Work-based learning (WBL) is often seen as a powerful vehicle for developing workplace skills and promoting productivity of the labour force. Realising the potential of work-based learning requires firms and trainees to engage in work-based learning that effectively increases productivity. The development of WBL systems often creates large challenges, in engaging the employers that must provide the work placements, in making apprenticeship attractive to young people who might otherwise pursue academic studies, and in delivering skills that are not only immediately valuable but support career development. Understanding the dynamics of the costs and benefits of WBL and ensuring that those are reflected in the design of WBL schemes is essential to ensure that firms provide high-quality WBL and trainees perceive WBL as an attractive career option.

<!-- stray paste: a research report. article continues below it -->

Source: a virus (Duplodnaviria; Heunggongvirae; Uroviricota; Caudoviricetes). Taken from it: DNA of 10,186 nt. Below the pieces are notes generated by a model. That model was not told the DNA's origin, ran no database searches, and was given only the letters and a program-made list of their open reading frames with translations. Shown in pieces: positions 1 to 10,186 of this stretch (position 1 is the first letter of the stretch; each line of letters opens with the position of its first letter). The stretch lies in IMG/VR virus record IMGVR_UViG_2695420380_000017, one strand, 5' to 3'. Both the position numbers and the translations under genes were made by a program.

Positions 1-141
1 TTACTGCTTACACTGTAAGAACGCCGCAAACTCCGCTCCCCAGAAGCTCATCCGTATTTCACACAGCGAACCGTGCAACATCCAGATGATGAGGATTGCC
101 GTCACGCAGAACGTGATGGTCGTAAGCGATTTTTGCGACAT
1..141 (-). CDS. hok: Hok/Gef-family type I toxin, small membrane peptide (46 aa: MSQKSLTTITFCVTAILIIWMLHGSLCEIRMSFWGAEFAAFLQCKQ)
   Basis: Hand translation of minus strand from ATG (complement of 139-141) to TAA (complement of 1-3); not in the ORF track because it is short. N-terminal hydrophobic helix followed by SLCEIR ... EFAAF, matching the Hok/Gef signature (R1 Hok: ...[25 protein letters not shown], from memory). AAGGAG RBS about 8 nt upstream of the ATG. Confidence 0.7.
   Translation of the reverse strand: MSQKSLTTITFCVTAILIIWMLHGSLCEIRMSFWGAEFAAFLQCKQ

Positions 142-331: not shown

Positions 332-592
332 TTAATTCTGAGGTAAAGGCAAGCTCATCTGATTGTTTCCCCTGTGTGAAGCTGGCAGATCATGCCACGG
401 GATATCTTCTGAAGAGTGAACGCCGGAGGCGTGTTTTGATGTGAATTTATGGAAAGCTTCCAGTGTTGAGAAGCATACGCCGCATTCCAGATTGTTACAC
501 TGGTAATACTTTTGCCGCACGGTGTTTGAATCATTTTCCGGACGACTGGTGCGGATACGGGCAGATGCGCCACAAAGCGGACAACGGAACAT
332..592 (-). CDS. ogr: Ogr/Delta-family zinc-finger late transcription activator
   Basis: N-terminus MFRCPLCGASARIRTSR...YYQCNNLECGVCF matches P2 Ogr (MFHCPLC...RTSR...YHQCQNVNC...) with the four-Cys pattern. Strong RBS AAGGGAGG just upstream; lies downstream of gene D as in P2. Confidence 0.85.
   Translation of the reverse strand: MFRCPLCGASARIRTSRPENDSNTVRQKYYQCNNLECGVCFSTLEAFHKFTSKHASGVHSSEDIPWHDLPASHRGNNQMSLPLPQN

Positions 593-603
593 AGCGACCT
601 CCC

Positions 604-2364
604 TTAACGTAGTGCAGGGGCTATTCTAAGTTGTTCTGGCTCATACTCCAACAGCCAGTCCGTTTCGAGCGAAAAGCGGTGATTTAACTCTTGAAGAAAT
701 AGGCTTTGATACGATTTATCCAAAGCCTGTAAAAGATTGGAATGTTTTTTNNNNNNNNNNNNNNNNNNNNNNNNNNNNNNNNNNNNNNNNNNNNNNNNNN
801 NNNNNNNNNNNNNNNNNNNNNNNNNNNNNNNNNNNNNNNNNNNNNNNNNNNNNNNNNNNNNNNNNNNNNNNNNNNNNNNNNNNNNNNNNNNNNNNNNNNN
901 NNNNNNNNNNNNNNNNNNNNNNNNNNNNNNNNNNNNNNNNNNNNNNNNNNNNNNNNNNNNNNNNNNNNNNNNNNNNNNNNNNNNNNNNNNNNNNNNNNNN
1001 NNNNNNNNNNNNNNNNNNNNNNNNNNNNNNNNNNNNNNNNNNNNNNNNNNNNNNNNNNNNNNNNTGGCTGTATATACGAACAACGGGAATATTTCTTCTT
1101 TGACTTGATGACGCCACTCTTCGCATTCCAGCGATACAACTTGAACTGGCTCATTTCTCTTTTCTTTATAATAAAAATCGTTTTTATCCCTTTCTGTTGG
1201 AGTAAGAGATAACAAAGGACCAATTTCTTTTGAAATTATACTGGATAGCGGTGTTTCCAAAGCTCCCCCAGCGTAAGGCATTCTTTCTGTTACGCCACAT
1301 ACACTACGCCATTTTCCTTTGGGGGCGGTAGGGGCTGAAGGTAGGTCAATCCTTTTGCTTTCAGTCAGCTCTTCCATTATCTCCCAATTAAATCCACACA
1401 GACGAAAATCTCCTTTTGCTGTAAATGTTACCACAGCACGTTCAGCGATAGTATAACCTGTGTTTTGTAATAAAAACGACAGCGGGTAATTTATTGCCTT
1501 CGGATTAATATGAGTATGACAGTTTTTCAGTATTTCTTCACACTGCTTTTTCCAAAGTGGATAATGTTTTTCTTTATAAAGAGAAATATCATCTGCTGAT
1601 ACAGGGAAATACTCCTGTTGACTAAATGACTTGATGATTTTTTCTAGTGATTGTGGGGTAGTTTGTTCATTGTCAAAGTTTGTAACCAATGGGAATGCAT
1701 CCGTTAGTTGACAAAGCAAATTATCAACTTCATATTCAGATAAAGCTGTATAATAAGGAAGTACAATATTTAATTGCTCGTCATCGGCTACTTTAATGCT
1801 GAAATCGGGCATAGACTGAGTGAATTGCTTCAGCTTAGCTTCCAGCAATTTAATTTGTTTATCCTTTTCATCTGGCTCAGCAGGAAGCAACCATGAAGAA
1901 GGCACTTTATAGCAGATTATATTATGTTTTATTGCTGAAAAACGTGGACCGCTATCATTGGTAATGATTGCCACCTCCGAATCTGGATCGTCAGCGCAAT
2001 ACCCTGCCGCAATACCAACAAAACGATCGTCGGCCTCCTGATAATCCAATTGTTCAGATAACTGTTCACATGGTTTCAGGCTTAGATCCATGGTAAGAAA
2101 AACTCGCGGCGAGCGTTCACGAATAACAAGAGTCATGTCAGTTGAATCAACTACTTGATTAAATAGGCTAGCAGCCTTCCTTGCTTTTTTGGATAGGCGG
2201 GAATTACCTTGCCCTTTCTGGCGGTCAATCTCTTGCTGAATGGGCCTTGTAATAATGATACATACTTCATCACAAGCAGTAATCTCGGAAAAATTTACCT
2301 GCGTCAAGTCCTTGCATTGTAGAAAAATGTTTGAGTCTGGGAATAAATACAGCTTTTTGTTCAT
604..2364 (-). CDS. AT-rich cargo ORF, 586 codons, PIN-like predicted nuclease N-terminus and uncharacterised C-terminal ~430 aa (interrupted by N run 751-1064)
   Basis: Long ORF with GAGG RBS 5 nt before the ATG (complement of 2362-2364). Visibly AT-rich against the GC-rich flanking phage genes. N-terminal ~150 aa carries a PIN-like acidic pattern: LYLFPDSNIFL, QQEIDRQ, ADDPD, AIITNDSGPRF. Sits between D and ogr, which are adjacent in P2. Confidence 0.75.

Papers and reports
Read published papers and reports on work-based learning:
Click book cover to read, share and embed on your website the publication Seven Questions about Apprenticeships: Answers from International Experience
Click the book cover to read, share and embed on your website the publication Skills beyond School: Synthesis Report
Click the book cover to read, share and embed on your website the publication Learning for Jobs